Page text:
Below is text from one section of Douglas Galbi’s work, “Sense in Communication.” This work includes text and images. Some images may be missing (due to use restrictions) or improperly formatted below. The full work in pdf format, as well as other text sections, are available at www.galbithink.org
Adjusting Name Popularity Statistics for Family Size
For comparing and interpreting the popularity of highly popular names, family size can be important. Consider, for example, the popularity of the name Mary. Calculating the share of females named Mary among all females ignores that some females might not have been at risk, i.e. eligible, to be called Mary. In particular, giving living sisters the same name could cause confusion in identifying them. If parents as a rule do not repeat names among living siblings, then the number of females who were eligible to be named Mary depends on the family size distribution and the distribution of the name Mary relative to birth order. In a naming equilibrium, both dynastic and popularity considerations favor Mary having a higher probability of being represented among older daughters. When Mary is a highly popular name, large average family size can significantly affect the share of females eligible to be named Mary.
A rough adjustment for family size can be calculated using these parameters:
f = the share (fraction of females) named Mary
s = the probability of a female child surviving to adulthood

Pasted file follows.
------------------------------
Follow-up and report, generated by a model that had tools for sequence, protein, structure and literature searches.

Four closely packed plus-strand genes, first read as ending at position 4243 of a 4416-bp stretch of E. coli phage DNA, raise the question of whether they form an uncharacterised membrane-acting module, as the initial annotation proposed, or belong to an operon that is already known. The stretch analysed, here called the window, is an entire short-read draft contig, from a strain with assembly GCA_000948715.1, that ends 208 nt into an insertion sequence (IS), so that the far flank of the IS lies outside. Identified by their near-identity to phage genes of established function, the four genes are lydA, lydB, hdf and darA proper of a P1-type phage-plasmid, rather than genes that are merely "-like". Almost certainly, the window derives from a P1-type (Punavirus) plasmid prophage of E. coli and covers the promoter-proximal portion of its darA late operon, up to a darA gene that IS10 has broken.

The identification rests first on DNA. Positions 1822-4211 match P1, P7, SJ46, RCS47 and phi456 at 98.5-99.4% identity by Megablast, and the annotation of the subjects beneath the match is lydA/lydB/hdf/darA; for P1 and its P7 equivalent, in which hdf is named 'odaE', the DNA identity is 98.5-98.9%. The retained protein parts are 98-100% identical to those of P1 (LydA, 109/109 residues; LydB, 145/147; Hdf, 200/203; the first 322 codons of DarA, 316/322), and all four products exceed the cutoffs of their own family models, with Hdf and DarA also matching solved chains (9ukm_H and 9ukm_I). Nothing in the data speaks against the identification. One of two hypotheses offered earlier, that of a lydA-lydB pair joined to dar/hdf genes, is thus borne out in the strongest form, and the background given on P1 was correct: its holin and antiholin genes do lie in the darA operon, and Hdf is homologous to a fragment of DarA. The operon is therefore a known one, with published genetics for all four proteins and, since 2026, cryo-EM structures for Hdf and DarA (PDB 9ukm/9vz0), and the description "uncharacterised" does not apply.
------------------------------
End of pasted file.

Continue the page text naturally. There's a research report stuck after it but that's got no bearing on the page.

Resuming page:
z= share of births to unmarried women
b = average female births per married woman
n = the share of females named Mary who are the first-born daughter (the share of females named Mary who are the second-born daughter will be assumed to be 1-n).
A simple calculation gives the proportion of women, with at least one daughter, who have a daughter name Mary. In a steady-state name-share equilibrium, the share of women named Mary is f. Now consider the share of women who were not eligible to be named Mary. Assume that all females born to unmarried women have no sisters. Let N be the number of women. A woman has on average (1-z)s(b-1) sisters. Then the nfN first-born women named Mary have nfN(1-z)s(b-1) sisters who were ineligible to be called Mary. The (1-n)fN second-born females named Mary have (1-n)fN(1-z)s(b-2) sisters who were ineligible to be called Mary. The total number of adult females who were ineligible to be named Mary is thus i = fN(1-z)s(n(b-1)+(1-n)(b-2)). The share of women named Mary, among those women who were eligible to be named Mary, is v=f/(1-i). In a population naming equilibrium with no repeated names for living daughters, this statistic v estimates the proportion of women, with at least one daughter, who have a daughter named Mary.
The parameterization and result for mid-eighteenth century England are:
f = 0.24 [see Appendix A, infra.]
s = 0.58 [Livi-Bacci (2000) Table 5.1, p. 94-5]
b = 3.3 [calc. from id.]
z = 0.03 [Laslett, Costerveen, and Smith (1980) p. 14]
n = 0.5 [conjecture]
These figures imply v = 0.32.